5 things to know today: Early voting, Low unemployment, Missing database, Hybrid work, Cats unleashed
A select rundown of stories found on InForum.
1. 110,000 North Dakotans could vote before Tuesday's Election Day
People continue to stream into early voting sites and election offices in North Dakota and Minnesota, while absentee and vote-by-mail ballots roll in ahead of the general election on Tuesday, Nov. 8.
Brian Newby, state elections coordinator in North Dakota, predicts about 40% of the people who will vote will do so before Election Day.
Based on more than 80,000 ballots returned by Thursday afternoon, Newby said he could envision around 110,000 people voting before Tuesday.
Even though early, in-person voting wraps up for Cass County at 6 p.m. Friday, multiple other counties across the state are still holding early, in-person voting over the weekend, and even, on Monday, the day before the election.
Both Burleigh and Morton counties, home to Bismarck and Mandan, for example, have early, in-person voting happening on both Saturday and Monday, Newby said.
Grand Forks County has early, in-person voting on Saturday, and Ward County, home to Minot, has early in-person voting Monday.
2. North Dakota's unemployment rate falls to 1.7%
North Dakota's unemployment rate has dipped to 1.7%, just two years removed from a rate of 8.3% during the COVID-19 pandemic.
Phil Davis said the declining unemployment rate provides a mixed bag of news.
"We just don't have enough people to fill these jobs in our workforce any longer," said Davis, workforce services director for North Dakota Job Service. "If you read, most economists say a health economy has an unemployment rate of 4 to 5%. The reason they say that is because then you always have people who are out there looking."
The statewide unemployment count the past couple of months has been about 650. The number represents people who are weekly certifying their unemployment status with Job Service. Davis said nine weeks is the average a North Dakotan remains on unemployment.
"Out of that 650, roughly 60% of those people are going back to their employer," he said. "The employer might have shut down for a few weeks or shut down to clean their facility. That maybe gives us 200 people every week who are unemployed. So there's not a lot to choose from for our employers."
Employees are finding jobs. There are more than 18,000 job listings on the Job Service website. According to Davis, the number of available jobs might be closer to 40,000 because employers are jumping at the chance to hire good, qualified workers.
"If you're an employer and have an opening for a welder and two quality welders come in, you're probably going to hire both in this market right now," he said.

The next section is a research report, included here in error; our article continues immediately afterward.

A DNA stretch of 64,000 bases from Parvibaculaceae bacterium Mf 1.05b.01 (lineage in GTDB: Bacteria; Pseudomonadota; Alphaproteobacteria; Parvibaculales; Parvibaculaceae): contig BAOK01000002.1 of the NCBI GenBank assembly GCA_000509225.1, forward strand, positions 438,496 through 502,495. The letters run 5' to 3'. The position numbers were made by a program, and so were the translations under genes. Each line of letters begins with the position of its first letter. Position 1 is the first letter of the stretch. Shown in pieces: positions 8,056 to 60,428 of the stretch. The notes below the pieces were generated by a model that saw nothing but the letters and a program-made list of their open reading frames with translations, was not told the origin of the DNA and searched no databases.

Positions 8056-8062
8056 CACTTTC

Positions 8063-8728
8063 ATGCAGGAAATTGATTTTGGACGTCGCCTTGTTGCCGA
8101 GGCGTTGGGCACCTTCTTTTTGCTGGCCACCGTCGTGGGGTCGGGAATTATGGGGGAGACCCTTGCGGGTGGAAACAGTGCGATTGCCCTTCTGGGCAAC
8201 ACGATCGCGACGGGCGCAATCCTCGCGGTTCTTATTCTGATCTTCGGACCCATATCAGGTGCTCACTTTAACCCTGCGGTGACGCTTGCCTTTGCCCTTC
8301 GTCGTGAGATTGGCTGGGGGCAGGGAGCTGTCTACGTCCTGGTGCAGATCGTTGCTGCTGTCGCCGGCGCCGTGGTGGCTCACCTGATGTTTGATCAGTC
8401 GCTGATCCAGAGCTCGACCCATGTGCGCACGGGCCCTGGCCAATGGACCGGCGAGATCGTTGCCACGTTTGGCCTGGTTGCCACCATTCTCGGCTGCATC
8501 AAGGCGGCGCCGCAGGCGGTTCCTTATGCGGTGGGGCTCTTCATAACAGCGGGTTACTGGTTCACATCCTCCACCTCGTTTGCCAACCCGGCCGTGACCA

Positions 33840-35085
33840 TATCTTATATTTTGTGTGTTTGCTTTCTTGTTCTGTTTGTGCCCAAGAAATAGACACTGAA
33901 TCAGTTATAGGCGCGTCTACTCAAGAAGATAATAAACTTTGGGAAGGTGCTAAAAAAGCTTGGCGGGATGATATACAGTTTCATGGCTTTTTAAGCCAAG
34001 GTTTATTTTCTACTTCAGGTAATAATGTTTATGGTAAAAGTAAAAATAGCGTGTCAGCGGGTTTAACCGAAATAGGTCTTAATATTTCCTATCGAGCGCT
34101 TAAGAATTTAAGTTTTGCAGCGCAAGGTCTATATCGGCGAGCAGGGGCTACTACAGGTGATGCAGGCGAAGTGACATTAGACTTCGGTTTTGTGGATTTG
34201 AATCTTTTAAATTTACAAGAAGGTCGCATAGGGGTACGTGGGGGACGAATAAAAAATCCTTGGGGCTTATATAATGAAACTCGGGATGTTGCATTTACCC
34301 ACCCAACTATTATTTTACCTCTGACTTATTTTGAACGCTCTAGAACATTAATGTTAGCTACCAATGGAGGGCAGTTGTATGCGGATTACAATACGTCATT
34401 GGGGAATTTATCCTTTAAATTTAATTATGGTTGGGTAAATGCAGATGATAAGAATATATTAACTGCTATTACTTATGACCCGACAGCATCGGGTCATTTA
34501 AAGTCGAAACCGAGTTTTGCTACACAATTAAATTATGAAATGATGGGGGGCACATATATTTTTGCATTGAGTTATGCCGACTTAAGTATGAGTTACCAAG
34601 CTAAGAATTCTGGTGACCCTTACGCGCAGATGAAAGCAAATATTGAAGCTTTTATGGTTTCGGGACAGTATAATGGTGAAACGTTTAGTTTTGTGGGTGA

Barry Wilfahrt, Grand Forks-East Grand Forks Chamber CEO and president, said the plethora of help-wanted signs in the area point out the urgent need for workers. In Grand Forks County, unemployment is at 1.5%.
3. North Dakota launches public missing persons database
There's a new online tool for North Dakota police and citizens to access information on people who have gone missing in the state.
North Dakota Attorney General Drew Wrigley announced Friday, Nov. 4, a public database containing information about all active missing persons cases in the state.
The database contains details about the 114 missing people in North Dakota, including demographic information, photos and the date they were last seen. The online resource also has special search functions for Native Americans and children who are missing.
Native Americans make up more than half of the state's missing persons despite accounting for just 6% of the population. Indigenous communities across North America have mounted campaigns to raise awareness for the disproportionate rate of missing Native people. Federal officials have referred to missing and murdered Indigenous people as an epidemic.
Violence against Native women is 10 times higher than the national average, according to the Indigenous Rights Center. Activists rallied in support of missing and murdered Indigenous people at the North Dakota Capitol last year.
Fifty-two of North Dakota's missing people are children, many of whom are Native American, according to the database.
The oldest case in the database comes from 1968, while more than 20 of the people in the index were last seen within the last month.
4. Some F-M businesses thrive in remote, hybrid work demand, while others struggle
The Fargo-Moorhead business landscape will never return to how it was before the coronavirus pandemic.
The pandemic sent a wave of employees from hundreds of area businesses home to work remotely, where many of those employees say they found a better work-life balance.
They could go on a morning run instead of commuting 30 minutes to the office, could cook a healthy lunch instead of spending money on fast food, and they learned how much they value the extra time earned with family and friends.
Area businesses have heard these same statements over the past year from their employees. And they’re listening by switching to fully-remote or a hybrid of in- and out-of-office work models.
Industries switching to remote or hybrid include information technology and other desk jobs that rely heavily on internet and communications.
“Hybrid work has really changed our organization for the better,” said Kelsey Roth, vice president of human resources at Blue Cross Blue Shield . “I think it’s because, with our focus on employee wellbeing, we’re able to provide them opportunities to work where they’re at their best.”
5. Do you have an outdoor cat? The Forum would like to chat
The Forum is looking to interview cat owners for a story about outdoor cats in the cities of Moorhead, Fargo or West Fargo.
While Fargo law does not allow cats outside unless they are on a leash, pet owners nevertheless often let their cats roam free. The Forum wants to hear your story about what it's like to own an outdoor cat.